5.1.4 Consideration of Risk in Resource Allocation

5.1.4

Consideration of Risk in Resource Allocation


Uncertainty and risk complicate the resource allocation decision-making process. Risk management activities, including developing a risk register, are helpful in understanding and mitigating uncertainty, which in turn has implications for resource allocation.


Overview

All transportation decision-makers must contend with uncertainty. In regards to resource allocation, uncertainty is inherent in variables such as data on asset conditions and performance, future funding levels and costs, how a transportation system and specific assets will perform, and what external events or other factors may require reallocating resources. This uncertainty complicates efforts to make decisions about the future and forces agencies to be nimble so as to effectively respond to unpredictable events and evolving conditions.

In recent years, transportation and other industries have made significant progress developing improved approaches for managing uncertainty to minimize negative and leverage positive impacts. An area of focus in transportation has been in managing the risk of project cost and schedule overruns; a number of agencies have established enterprise risk management programs in order to address risk and uncertainty across their organizations. Likewise in TAM, there is increased interest in identifying and assessing risk so as to comply with both the best practices and the FHWA requirement for state DOTs to consider risk in developing their NHS TAMP.

The word ‘risk’ can be very context specific, meaning very different things depending on the industry and application. For instance, a financial analyst is primarily concerned with uncertainty in financial returns and the risk of incurring a significant financial loss. In the nuclear power industry, however, the focus of managing risk is on minimizing the potential for catastrophic loss that might occur from damage to a nuclear facility. As discussed in Chapter 2, in this guide risk is defined as the “effect of uncertainty on objectives” consistent with the ISO definition. This definition captures the full range of applications of risk management, and acknowledges the possibility for both positive and negative consequences of uncertainty.

The term ‘risk management’ is used to capture the set of business processes associated with identifying and managing uncertainty and risk. The overall risk management process is described in Chapter 2. The remainder of this section describes how this process relates to resource allocation.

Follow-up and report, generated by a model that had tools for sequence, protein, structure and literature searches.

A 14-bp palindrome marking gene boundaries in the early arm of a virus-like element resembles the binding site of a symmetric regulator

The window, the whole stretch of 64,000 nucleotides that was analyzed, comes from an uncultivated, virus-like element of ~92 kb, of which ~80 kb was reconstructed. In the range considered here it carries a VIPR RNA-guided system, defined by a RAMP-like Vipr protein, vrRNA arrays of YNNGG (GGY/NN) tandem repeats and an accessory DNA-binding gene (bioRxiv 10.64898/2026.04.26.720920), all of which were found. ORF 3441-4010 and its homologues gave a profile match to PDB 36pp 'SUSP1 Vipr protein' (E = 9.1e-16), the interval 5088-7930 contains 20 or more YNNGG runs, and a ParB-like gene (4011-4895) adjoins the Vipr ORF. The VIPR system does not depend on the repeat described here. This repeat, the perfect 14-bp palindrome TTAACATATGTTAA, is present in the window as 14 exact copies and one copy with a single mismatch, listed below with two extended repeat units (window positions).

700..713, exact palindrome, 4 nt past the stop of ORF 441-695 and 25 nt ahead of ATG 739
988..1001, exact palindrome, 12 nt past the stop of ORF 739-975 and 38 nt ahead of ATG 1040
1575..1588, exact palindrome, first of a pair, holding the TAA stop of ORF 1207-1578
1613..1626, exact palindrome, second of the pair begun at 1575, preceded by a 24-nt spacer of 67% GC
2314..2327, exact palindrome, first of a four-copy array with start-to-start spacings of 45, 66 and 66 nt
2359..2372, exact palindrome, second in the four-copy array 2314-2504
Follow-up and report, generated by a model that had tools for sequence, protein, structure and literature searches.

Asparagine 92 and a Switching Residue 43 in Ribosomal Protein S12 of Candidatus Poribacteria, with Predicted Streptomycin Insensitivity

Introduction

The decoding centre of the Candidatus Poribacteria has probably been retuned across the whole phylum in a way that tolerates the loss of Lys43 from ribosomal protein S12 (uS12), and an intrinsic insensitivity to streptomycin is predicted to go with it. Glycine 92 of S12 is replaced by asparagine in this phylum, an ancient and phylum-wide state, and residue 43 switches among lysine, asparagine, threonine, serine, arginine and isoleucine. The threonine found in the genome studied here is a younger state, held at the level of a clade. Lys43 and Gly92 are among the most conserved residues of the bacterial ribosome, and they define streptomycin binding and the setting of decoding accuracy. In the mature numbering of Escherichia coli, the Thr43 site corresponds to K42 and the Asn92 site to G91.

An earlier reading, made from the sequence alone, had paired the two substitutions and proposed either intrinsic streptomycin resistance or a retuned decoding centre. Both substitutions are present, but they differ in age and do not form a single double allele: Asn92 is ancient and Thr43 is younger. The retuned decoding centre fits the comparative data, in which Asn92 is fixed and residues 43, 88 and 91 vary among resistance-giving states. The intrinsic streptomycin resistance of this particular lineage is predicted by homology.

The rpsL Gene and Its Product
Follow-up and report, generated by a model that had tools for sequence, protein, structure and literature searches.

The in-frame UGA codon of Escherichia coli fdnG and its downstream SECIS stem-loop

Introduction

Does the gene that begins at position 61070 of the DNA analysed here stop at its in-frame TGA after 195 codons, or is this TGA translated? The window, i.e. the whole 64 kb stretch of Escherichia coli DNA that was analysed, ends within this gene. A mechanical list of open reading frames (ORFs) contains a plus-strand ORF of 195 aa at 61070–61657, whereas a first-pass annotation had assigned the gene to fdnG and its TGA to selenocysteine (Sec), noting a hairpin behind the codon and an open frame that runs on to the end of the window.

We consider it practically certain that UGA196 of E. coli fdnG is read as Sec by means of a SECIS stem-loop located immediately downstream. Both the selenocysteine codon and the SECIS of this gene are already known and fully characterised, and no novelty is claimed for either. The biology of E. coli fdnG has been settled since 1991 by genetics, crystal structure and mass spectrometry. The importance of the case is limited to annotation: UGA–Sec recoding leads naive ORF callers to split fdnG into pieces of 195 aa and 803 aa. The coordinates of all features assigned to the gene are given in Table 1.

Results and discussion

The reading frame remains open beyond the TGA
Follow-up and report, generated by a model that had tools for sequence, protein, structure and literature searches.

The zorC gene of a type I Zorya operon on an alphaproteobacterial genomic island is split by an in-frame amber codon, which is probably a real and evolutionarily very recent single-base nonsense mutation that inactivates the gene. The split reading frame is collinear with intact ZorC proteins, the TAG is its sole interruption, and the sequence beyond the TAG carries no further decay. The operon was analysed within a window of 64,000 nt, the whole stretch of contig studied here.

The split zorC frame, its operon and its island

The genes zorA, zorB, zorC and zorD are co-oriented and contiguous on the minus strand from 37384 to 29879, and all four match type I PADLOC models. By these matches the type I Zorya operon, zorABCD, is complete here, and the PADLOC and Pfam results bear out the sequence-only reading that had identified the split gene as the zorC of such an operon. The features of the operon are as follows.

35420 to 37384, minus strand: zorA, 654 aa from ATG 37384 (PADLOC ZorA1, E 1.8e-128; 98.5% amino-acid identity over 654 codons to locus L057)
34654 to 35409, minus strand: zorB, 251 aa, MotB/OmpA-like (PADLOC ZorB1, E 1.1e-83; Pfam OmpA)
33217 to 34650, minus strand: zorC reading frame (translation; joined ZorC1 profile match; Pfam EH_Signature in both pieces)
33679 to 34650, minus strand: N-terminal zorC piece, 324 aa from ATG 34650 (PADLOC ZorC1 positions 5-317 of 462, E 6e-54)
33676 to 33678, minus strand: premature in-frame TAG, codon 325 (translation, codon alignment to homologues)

Implications for Resource Allocation

While the scope of risk management may be very broad, an organization’s approach to risk management and the outcomes resulting from a risk assessment may nonetheless have important implications for TAM resource allocation. Consequently, it is important to establish a risk management approach and integrate consideration of risk with the resource allocation process.

TIP
Multi-objective decision making is a concept in operations research that is implemented in several different forms, from simple consensus-building approaches (e.g. Delphi processes) to more complex software tools. In all cases, it allows consideration of more than one factor or criteria in making a decision.

Specific possible implications of risk management on resource allocation may include, but are not limited to:

  • An organization may identify through its risk management approach areas where better data or improved processes are needed to best address a given risk, in turn impacting the resource allocation process. For instance, if uncertainty concerning future asset conditions is found to be a significant risk, this may result in efforts to improve the deterioration models in an agency’s asset management systems and/or motivate data collection improvements to reduce uncertainty.
  • An organization may identify specific investments of staff time and/or agency funds required to mitigate negative or leverage positive risk. Once specific investments are identified, they can be assessed along with investments in other asset/investment categories. For example, Caltrans defined a separate program for seismic retrofits as described in the Practice Example.
  • If an agency’s allocation of resources hinges on uncertain future values for one or more parameters, it may be necessary to incorporate consideration of uncertainty formally in the decision-making process. This can be accomplished using Monte Carlo simulation or other quantitative approaches to establish the predicted distribution of outcomes. For instance, in performing a life cycle cost analysis to select between project alternatives for a given facility, Monte Carlo simulation can calculate the range of life cycle costs predicted depending on future values for cost escalation, deterioration, or other parameters.
  • In approaching formal accounting for uncertainty, an organization may define different scenarios representing the possible range of outcomes and then determine how best to allocate resources in each scenario before establishing a preferred resource allocation approach. For example, if an agency’s future capital budget is unknown, a decision-maker may wish to define a high, medium and low budget scenario and determine what investments would be made in each scenario in order to most effectively prioritize given uncertainty. Likewise, a scenario analysis approach can be useful in assessing how to allocate resources for improving infrastructure resilience given uncertainty concerning future sea level rise. Typically, the decision maker will review results for different scenarios and make a subjective determination of how to allocate resources considering the relevant factors. The Practice Example describing the analysis of harbor-wide barrier systems for the City of Boston shows one such approach. Recent research in the area of Robust Decision Making (RDM) has focused on developing quantitative approaches to select optimal investments between different scenarios.